Beliefs and Instructional Practices among Secondary Teachers within Selected High- and Low- Performing High Schools

By Peabody, Dayle | Florida Journal of Educational Administration and Policy, Spring 2011 | Go to article overview

Beliefs and Instructional Practices among Secondary Teachers within Selected High- and Low- Performing High Schools


Peabody, Dayle, Florida Journal of Educational Administration and Policy


How teachers think about and practice teaching has a profound effect on learning among students (Applebee, Langer, Nystrand, & Gamoran, 2003; Fisher, 2001; Greenleaf, Schoenbach, Cziko, & Mueller, 2001). Researchers have noted that the practice of high-stakes testing affects teaching practices (Benson, 2003; Popham, 2001; Stecher, 2002), causing some to "teach to the test." One high-stakes test, the Florida Comprehensive Assessment Test (FCAT), has affected the curriculum but not uniformly. The fact that students from schools with similar demographic backgrounds perform so differently on the FCAT suggests that factors internal to the classroom and/or school are affecting student performance on the 10th grade FCAT Reading test, for example. Teacher learning and practice, school restructuring, and student learning in low resourced schools with high percentages of culturally diverse students occurs in an interconnected and interdependent manner that cannot be explained in linear fashion (Ancess, 2000). Recent research into the effects of teaching on learning, notably in the language arts, finds that use of more student-centered or student empowered teaching models produces more effective learning, and is more likely to contribute to higher test scores (Applebee et al. 2003; Cook-Sather, 2002; McCombs & Whisler, 1997; Northeast and Islands Regional Educational Laboratory at Brown University, 2001).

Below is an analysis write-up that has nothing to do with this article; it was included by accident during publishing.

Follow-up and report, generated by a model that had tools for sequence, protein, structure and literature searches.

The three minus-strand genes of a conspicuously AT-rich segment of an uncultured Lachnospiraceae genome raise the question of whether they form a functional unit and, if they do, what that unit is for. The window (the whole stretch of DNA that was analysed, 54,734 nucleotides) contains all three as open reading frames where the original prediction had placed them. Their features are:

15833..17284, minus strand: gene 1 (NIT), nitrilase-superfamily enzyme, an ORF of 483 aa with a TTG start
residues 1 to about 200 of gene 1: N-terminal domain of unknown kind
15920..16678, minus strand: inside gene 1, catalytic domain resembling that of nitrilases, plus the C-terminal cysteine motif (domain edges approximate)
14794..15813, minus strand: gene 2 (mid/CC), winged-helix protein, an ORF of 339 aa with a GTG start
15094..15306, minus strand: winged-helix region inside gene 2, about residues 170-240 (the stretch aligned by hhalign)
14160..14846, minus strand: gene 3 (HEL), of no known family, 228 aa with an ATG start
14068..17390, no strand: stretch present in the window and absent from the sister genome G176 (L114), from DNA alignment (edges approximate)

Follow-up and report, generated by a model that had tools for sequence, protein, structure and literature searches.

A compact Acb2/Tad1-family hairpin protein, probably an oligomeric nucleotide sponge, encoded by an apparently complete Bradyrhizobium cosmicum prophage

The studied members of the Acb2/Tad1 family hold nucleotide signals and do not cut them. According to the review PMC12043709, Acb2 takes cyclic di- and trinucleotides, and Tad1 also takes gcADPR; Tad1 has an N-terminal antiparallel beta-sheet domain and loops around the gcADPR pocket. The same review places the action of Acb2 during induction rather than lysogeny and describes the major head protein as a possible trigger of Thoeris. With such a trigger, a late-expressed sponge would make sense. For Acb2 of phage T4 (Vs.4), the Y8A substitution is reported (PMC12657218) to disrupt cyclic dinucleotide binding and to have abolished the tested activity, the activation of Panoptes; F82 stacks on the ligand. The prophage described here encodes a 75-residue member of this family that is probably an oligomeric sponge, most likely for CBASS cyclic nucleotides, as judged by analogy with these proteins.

Additionally, the impact of culture on teaching and learning is just beginning to be reconceptualized to account for the increased cultural diversity present in 21st century US, as well as the importance of school cultures on teaching beliefs and efficacy. Culturally responsive teaching uses the cultural knowledge, prior experiences, and performance styles of diverse students to make learning both more appropriate and effective for them. Culturally responsive teaching teaches to and through the strengths of diverse students (Gay, 2000). Unfortunately, school reform efforts in the 21st century have focused almost exclusively on external forces, such as the No Child Left Behind Act, rather than on the powerful internal forces that determine student success in any school: namely, its culture, norms, values and expectations (Deal & Peterson, 2009).

This study draws from Prosser and Trigwell's (1998) assertion that teaching is based on two strategies: teacher-centered and student-centered. The author postulates that teacher beliefs are either teacher-centered or student-centered. Teacher-centered (TC) beliefs are grounded in transmission theories of teaching whereby knowledge is thought of as information that is transmitted from expert teacher to inexpert learner. Thus, the teacher's task is to "get it across." Transmission is the mechanism of providing students with important concepts that they need to understand the discipline. Thus, the focus resides in what the teacher does. Student-centered (SC) beliefs focus on bringing about conceptual change in students' understanding of the world. Hence, what students are able to achieve through the understandings that they acquire are what is important, not what teachers do. Teacher-centered instruction focuses on what skills are needed to achieve success while the student-centered style focuses on what methods are essential to achieve outcomes. In student-centered instruction, the teacher guides students in constructing their own understandings. SC practices are directed towards enabling students to think about complex issues. These practices promote student ownership for their learning, as well as active learning, and learning how to think. SC instructional practices are multi-dimensional and they empower learners, two of the key characteristics of culturally responsive teaching that Gay (2000) notes. As a result, SC practices are more likely to bridge the apparent gaps in learning and achievement observed among culturally diverse students in many settings, by empowering learners and allowing them to construct meaning on their own terms. …

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